What are the signs seen w/ bilateral vestibular DZ?
Pendulum head swing
No spontaneous nystagmus seen w/ oculocephalic reflex
Most cerebellar conditions have what signs?
Wide-based stance, truncal ataxia, intention tremor, dysmetria
What's the difference b/t decerebrate and decerebellate rigidity?
Decerebrate - opisthotonos w/ extension in all 4 legs

Decerebellata - opsithotonus w/ extension in front legs
Cerebellar hypoplasia in cats is d/t what?
Intrauterine panleukopenia (Parvovirus)
What is an abiotrophy?
Premature death of neuron d/t disruption of metabolic processes
What are the 1˚ and 2˚ tumors that arise in the cerebellum?
1˚ - medulloblastoma, glioma
2˚ many types
Who gets shaker dog DZ and how do you Tx?
Dogs <15kg
Tx w/ glucocorticoid
How do you Tx episodic falling in King Charles dogs?
How do you Tx narcolepsy?
Amphetamine (methyphenidate) and/or anti-depressants (imipramine)
Feline ischemic encephalopathy is caused by what?
Cuterebra larva migrating from nose to brain
What are the different types of deafness?
Conductive - chronic otitis externa/media prevent sound transmission to inner ear

Central - damage to auditory pathway

Sensorineural - congenital or acquired, assoc w/ pigment, deafness present at birth and permanent
What are the phases of the seizure?
Preictal (aura and prodromal)
Ictal (actual seizure)
Postictal (gradual return to normal)
How long do the tonic and clonic phases last during a seizure?
Tonic - 10-30 sec
Clonic - 1-2 mins
How do the early stages of cognitive dysfunction look?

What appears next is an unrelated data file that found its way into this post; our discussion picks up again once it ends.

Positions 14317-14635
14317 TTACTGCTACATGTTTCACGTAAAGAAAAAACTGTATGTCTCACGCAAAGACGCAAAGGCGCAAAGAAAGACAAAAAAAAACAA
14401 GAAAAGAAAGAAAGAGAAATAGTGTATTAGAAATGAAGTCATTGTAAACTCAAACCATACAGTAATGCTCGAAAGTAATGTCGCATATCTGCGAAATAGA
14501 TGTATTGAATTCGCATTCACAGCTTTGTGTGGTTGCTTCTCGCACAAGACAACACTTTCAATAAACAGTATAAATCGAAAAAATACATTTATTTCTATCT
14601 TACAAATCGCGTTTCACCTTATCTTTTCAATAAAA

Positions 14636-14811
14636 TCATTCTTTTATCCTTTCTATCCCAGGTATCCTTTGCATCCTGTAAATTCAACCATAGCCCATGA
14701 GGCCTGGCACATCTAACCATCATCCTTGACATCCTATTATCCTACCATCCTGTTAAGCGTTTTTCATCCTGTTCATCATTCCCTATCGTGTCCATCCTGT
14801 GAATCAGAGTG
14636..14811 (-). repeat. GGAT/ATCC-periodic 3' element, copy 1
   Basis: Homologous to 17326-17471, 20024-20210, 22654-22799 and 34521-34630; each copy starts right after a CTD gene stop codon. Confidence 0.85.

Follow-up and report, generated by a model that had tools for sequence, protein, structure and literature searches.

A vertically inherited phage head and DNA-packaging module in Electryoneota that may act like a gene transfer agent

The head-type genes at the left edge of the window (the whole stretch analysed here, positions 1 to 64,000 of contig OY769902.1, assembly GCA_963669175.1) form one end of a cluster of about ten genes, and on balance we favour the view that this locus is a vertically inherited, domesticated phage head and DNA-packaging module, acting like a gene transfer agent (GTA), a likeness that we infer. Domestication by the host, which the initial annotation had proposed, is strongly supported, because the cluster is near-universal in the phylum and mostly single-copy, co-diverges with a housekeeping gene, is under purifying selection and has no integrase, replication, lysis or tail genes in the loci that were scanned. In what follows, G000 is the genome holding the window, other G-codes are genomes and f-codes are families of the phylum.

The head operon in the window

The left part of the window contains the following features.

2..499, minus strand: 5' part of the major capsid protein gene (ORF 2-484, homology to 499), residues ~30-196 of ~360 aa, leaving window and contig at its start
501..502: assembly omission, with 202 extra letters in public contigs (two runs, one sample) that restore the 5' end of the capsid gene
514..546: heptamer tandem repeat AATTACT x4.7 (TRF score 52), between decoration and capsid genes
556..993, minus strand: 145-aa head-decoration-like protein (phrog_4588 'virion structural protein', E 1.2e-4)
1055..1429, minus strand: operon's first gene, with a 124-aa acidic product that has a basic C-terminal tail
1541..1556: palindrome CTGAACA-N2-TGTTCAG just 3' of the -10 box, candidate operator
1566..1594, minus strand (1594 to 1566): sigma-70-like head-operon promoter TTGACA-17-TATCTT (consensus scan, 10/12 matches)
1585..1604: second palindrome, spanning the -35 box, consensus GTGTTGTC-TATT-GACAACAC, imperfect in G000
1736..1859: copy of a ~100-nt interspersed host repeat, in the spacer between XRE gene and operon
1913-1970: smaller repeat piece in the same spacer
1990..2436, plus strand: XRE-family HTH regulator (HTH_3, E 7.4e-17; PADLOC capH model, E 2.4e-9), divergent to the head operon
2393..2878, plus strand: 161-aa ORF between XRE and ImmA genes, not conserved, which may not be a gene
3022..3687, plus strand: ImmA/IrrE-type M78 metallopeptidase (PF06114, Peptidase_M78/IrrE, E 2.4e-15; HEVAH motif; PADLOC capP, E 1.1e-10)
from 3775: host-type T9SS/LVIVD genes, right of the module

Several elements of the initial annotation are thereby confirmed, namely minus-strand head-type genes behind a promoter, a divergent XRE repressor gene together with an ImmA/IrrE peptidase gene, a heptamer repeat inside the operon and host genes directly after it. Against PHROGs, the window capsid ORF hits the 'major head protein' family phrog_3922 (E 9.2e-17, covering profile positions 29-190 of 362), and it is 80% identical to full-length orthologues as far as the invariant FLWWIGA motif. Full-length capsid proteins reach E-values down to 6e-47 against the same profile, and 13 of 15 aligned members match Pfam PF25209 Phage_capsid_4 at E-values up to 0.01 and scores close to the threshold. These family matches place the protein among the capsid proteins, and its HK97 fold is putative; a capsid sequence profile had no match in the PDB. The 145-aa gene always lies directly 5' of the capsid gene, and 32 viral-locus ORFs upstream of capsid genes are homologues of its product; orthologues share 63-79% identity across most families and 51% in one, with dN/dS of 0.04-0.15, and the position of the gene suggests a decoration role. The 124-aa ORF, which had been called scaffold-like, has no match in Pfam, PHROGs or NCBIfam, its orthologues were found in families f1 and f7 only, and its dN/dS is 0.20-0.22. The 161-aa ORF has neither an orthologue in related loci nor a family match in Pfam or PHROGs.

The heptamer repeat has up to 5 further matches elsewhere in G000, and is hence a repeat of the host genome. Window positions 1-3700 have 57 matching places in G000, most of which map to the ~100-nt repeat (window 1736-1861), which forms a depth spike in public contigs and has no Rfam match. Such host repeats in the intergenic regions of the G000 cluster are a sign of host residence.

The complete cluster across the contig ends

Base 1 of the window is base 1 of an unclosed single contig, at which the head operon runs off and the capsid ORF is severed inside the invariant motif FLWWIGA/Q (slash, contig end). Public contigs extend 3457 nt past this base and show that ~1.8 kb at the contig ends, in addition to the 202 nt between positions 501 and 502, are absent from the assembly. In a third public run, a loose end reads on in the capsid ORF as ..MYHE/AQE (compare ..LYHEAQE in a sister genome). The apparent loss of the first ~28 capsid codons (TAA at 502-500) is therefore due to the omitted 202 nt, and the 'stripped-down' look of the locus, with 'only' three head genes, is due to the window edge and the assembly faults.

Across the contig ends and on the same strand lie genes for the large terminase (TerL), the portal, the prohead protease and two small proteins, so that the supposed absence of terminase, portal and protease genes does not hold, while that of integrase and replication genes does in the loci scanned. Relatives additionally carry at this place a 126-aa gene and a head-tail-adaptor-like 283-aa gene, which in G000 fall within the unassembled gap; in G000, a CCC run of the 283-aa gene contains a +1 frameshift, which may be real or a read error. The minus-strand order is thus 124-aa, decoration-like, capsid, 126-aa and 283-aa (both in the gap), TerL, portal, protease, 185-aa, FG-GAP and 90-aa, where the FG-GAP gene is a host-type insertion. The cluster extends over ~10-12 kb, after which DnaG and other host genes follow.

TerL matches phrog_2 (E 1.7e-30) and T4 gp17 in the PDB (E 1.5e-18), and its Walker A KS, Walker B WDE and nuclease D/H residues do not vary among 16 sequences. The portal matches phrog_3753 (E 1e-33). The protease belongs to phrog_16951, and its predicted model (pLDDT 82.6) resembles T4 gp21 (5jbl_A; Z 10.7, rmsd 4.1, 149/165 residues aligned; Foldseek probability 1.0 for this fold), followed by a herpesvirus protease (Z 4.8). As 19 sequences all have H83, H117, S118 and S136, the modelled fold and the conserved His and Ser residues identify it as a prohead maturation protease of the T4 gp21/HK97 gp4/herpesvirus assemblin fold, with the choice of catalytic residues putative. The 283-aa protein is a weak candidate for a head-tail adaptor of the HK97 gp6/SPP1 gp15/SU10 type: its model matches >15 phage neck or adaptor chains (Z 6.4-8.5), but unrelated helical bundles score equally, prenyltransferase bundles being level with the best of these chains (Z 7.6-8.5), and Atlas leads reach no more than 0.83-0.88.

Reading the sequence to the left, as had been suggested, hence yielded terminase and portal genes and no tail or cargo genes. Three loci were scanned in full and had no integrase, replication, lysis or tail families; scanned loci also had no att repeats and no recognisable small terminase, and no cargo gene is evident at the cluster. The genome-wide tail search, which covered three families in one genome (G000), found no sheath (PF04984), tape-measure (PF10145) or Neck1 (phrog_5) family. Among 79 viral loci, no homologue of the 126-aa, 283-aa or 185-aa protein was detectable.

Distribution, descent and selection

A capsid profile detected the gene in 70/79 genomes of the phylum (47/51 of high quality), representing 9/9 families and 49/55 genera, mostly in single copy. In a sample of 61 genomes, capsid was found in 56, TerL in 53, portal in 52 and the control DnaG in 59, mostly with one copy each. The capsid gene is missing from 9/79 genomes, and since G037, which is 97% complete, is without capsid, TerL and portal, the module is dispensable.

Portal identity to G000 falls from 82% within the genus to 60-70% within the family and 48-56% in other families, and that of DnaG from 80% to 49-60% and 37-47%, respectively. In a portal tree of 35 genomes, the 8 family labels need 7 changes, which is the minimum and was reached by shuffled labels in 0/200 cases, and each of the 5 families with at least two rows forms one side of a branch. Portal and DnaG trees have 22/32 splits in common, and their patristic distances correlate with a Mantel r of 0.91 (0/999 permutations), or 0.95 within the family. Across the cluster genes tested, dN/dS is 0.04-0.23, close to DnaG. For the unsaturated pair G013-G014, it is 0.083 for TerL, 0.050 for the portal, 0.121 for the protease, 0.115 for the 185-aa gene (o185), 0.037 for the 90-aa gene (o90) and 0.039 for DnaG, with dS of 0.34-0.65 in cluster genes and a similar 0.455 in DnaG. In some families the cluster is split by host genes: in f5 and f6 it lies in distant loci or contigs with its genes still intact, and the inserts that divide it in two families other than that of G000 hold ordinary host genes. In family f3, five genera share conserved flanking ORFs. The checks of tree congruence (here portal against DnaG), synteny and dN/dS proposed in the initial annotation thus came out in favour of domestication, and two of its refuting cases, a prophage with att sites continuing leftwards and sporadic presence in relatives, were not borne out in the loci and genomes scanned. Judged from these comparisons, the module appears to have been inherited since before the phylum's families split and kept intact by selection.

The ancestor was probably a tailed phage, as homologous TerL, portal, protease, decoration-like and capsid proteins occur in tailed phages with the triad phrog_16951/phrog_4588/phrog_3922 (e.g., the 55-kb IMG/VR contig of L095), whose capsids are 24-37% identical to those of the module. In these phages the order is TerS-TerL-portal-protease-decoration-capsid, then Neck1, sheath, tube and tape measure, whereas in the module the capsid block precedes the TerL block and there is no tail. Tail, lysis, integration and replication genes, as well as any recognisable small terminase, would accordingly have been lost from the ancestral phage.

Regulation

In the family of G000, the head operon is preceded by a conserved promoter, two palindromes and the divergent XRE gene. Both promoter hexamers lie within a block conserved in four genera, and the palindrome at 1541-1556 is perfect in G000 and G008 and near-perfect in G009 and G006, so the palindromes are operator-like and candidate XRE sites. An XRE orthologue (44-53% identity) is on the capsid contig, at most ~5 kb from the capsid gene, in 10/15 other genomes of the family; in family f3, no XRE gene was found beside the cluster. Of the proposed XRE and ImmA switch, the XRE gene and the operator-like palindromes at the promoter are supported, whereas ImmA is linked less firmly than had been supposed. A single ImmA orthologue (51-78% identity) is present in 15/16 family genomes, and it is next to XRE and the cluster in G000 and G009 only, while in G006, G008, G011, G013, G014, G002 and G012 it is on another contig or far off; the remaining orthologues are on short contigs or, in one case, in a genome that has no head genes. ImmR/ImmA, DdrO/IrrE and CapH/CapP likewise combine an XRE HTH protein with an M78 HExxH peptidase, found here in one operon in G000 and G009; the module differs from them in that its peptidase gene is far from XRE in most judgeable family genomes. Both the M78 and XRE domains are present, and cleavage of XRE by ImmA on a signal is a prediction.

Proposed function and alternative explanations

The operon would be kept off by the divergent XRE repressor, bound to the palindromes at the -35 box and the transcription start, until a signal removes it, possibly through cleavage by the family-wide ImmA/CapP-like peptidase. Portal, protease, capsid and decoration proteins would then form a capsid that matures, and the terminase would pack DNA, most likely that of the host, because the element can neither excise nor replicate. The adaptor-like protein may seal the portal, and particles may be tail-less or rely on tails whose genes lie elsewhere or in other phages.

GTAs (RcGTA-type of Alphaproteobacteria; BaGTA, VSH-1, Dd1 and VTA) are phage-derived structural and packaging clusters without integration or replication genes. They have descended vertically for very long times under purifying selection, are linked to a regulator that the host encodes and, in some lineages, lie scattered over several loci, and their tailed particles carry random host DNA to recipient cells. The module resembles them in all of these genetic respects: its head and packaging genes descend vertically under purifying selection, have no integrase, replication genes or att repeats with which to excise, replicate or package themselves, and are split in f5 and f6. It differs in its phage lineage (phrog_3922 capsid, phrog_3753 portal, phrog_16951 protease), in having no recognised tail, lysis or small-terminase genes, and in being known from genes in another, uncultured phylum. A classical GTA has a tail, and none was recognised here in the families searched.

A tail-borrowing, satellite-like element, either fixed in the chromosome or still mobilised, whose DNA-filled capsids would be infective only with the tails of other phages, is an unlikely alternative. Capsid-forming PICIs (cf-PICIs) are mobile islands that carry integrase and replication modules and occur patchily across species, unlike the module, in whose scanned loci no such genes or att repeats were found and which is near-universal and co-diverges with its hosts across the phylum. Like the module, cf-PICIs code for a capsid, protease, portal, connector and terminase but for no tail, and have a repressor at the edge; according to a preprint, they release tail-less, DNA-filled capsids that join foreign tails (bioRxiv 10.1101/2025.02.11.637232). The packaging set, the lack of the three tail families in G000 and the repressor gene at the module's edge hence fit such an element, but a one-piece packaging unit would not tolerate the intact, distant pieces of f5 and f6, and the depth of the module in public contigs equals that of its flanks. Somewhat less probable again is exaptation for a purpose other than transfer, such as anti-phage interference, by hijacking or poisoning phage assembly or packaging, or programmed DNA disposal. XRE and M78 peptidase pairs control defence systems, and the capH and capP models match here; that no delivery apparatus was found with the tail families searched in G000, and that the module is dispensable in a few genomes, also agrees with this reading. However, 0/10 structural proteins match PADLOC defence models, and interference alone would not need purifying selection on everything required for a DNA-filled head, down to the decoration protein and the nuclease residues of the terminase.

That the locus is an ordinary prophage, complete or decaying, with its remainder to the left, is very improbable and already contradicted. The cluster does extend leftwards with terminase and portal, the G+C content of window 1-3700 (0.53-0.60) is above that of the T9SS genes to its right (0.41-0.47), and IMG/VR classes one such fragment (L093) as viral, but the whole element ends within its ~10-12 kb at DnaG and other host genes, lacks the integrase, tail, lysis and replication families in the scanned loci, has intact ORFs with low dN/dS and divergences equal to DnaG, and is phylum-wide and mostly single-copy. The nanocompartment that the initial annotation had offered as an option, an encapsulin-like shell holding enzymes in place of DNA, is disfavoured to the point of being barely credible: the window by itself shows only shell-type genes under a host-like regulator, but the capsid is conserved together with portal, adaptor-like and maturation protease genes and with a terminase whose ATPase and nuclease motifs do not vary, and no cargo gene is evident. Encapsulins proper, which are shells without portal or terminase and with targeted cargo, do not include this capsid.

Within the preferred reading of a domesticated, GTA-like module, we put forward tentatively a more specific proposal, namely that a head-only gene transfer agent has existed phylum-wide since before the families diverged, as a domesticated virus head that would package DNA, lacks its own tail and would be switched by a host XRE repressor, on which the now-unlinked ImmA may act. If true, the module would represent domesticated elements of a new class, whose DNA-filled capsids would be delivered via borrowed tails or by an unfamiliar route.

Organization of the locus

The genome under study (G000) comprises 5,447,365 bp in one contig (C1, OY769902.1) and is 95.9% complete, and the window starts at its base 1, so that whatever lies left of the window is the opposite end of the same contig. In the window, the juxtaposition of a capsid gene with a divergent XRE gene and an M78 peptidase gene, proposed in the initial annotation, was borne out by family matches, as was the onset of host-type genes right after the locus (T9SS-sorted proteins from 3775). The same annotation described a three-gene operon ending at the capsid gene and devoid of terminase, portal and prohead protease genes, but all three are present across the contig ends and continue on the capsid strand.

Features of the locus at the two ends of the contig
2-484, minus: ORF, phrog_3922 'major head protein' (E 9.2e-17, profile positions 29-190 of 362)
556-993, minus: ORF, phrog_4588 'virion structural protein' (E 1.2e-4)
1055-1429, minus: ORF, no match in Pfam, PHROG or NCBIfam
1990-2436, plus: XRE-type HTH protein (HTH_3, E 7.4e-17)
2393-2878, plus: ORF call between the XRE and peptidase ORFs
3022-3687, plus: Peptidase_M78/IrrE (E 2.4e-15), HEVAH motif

They are subtle changes
What's a test you can use to test cognitive dysfunciton?
TGTA (Toronto General Test Apparatus)
What cause cognitive dysfunction syndrome?
Changes in circulation
Neurotoxic deposits
Toxic free radicals
Toxin accumulations
When do animals start showing cognitive dysfunction?
Dogs - 6yrs
Cats - later than dogs
What are the 5 categories of Cognitive Dysfunction?
Sleep/wake cycles
House training
Activity levels
What are some DDx for cognitive dysfunction?
Musculoskeletal problems
Impaired sight/hearing
Endocrine disorders
What diet and drugs can be used to help cognitive dysfunction?
Diet - Hill's b/d
Drugs - Selegiline (MAOI)
What are some different types of compulsive behaviors?
Locomotion, Oral, Vocalization, Hallucinatory, Aggressive
What are some risk factors for compulsive disorders?
Predisposed breed
Stressful, frustrating env
Initial cause
Owner reinforces
What drugs do you use to Tx compulsive behavior and what are the contraindications?
Rx - Clomipramine, Fluoxetine